My academic years presented a clear formula for measuring merit: everyone got the same assignments or tests and the final grade depended on one’s efforts and talents in preparing for these.
I started my professional career in a global investment bank in New York City. It was a very competitive and somewhat political environment, yet it was fairly meritocratic. Only the merit criteria changed drastically from my college years so I had to figure out the written and unwritten rules about how promotions and job assignments were distributed:
The formal criterion was a transparent job description for each seniority level; one could clearly identify the skills that were required of an analyst, associate, VP, etc and was judged against this criteria. There was also a estimated timeline to receiving a promotion (2–3 years per level if one did a good job).
The informal criterion, which was just as important albeit not openly communicated, was getting noticed and recognized by senior management. Here, the bank did a reasonable job in organizing formal and informal interactions between employees of different levels of seniority. Moreover, it was common to have teams of different seniority levels so I got access to senior people in my daily work. It was my job then to make sure that those interactions counted.
In many companies the informal criteria plays a bigger role and the ambiguity makes it harder for one (especially from a minority group) to get ahead. For many women, this is a major barrier to progress. They often retain their school days’ mentality in terms of focusing on task execution and have a hard time navigating informal norms around promotions and gaining access to senior people.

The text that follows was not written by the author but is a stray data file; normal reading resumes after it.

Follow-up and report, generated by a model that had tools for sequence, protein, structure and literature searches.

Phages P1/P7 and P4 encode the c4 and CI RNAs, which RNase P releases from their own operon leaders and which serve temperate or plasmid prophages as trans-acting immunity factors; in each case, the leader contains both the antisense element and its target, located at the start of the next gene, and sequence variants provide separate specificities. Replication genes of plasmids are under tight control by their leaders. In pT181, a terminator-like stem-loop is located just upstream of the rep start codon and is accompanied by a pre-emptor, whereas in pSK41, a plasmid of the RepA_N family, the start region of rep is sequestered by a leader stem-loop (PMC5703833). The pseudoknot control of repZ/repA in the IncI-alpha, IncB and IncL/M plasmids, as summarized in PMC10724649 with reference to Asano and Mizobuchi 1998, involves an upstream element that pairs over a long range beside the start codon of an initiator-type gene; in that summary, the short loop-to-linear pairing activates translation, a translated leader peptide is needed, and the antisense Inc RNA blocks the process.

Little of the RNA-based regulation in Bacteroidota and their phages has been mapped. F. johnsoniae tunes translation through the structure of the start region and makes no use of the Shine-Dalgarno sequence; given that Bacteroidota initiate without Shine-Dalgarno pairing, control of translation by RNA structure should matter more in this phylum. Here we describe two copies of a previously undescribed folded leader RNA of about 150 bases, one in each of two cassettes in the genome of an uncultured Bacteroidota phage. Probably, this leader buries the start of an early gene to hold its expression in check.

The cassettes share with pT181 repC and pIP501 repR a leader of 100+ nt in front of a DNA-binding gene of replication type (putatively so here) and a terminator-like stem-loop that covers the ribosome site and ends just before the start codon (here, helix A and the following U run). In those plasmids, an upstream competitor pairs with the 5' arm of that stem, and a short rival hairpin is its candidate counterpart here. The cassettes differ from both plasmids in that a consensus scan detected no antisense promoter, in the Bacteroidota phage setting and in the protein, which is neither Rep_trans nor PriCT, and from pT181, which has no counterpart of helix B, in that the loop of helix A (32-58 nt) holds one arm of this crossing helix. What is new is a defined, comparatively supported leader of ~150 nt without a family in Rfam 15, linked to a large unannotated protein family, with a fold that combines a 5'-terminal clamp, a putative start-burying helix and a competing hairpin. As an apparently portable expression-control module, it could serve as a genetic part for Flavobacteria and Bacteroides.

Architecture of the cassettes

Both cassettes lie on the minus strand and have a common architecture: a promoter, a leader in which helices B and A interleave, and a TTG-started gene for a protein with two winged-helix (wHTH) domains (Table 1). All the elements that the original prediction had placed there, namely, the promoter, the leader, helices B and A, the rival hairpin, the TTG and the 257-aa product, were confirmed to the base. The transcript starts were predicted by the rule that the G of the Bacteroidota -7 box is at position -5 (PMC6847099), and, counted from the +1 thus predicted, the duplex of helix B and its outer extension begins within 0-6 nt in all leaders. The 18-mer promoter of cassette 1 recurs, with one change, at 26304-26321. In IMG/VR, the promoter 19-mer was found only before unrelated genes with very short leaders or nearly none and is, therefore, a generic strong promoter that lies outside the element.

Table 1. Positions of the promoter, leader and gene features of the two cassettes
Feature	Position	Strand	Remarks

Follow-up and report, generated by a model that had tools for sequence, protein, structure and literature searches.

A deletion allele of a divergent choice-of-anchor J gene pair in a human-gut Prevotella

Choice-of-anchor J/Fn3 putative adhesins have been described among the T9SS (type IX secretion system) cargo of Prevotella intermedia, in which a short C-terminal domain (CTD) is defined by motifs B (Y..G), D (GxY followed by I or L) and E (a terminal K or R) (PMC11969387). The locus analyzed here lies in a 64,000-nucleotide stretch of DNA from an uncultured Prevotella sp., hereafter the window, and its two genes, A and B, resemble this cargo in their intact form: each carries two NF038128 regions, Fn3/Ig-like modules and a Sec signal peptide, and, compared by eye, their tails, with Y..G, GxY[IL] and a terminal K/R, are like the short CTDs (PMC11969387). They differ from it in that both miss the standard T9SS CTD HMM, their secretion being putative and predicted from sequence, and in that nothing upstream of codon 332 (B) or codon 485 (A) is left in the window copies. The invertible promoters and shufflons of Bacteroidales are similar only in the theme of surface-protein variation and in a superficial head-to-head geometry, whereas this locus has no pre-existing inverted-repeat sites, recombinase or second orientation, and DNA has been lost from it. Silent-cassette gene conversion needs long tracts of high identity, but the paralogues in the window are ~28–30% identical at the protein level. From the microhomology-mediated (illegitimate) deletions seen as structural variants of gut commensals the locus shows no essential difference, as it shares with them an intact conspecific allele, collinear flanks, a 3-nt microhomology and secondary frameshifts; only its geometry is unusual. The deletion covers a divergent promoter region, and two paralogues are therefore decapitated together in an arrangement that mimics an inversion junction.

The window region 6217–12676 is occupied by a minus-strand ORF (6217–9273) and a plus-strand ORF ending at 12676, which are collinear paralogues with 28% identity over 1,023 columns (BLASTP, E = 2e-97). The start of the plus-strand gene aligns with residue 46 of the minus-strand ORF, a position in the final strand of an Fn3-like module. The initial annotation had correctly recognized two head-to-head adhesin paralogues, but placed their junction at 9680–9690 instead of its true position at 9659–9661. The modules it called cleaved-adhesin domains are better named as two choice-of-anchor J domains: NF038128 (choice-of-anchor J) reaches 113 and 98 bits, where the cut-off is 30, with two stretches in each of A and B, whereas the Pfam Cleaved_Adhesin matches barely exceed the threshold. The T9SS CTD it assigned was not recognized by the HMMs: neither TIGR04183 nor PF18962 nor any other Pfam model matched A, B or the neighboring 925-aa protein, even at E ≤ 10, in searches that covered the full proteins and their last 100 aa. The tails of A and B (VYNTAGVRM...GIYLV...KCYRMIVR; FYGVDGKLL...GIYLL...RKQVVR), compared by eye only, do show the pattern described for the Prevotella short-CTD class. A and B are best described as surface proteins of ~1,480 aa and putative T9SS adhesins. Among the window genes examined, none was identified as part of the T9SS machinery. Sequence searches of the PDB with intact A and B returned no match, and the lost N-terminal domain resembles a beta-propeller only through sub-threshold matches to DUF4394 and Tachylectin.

Their companies and managers don’t make it easy on them by neglecting to provide a clear criteria of what it takes to get to the next level or feedback about what they need to improve. In fact, research shows that women are more likely to receive vague feedback on their performance, be criticized more harshly, not be seen as leadership material and have this feedback used against them in promotion discussions.
The above tendencies have consequences: in their Women in the Workplace 2018 report, McKinsey and LeanIn.org, share key findings from 279 companies and over 64 thousand employees. One of these is that women, and especially women of color, have lower chances relative to men to get promoted to management positions and be recognized for their achievements.
Where do we go from here?
Figuring out what it takes to get promoted in one’s organization is not always straightforward but with some investigative work and relationship building you can improve your chances:
1. Find out if your company has a formal career track and/or job description for the next level you’d like to be promoted to. Do an assessment on how you stack up against those requirements and identify specific examples of how you are already operating at the next level. Share these in a clear and concise manner with your manager.
2. Bring up the discussion about a promotion way before the end of the performance cycle. If your manager challenges the merit of the promotion, hold him or her accountable by asking what are the specific skills you need to be working on to get to the next level and ask for his or her commitment to help you work on those skills. Extra points if you can get this in writing.
3. Identify who decides on promotions in your organization. Is it your manager or is it his or her manager or someone even higher up? Make sure to develop relationships with all of these people.
Miriam Grobman is the founder of Miriam Grobman Consulting who provides strategic advisory and leadership development solutions to companies who want to advance more talented women into leadership roles. She is also the creator of the Influence Masterclass and the Executive Presence Lab leadership courses for women. Check out her free eBook, The Credibility Guide to get more tips on how to sell yourself at work.
Previously published on www.ellevatenetwork.com.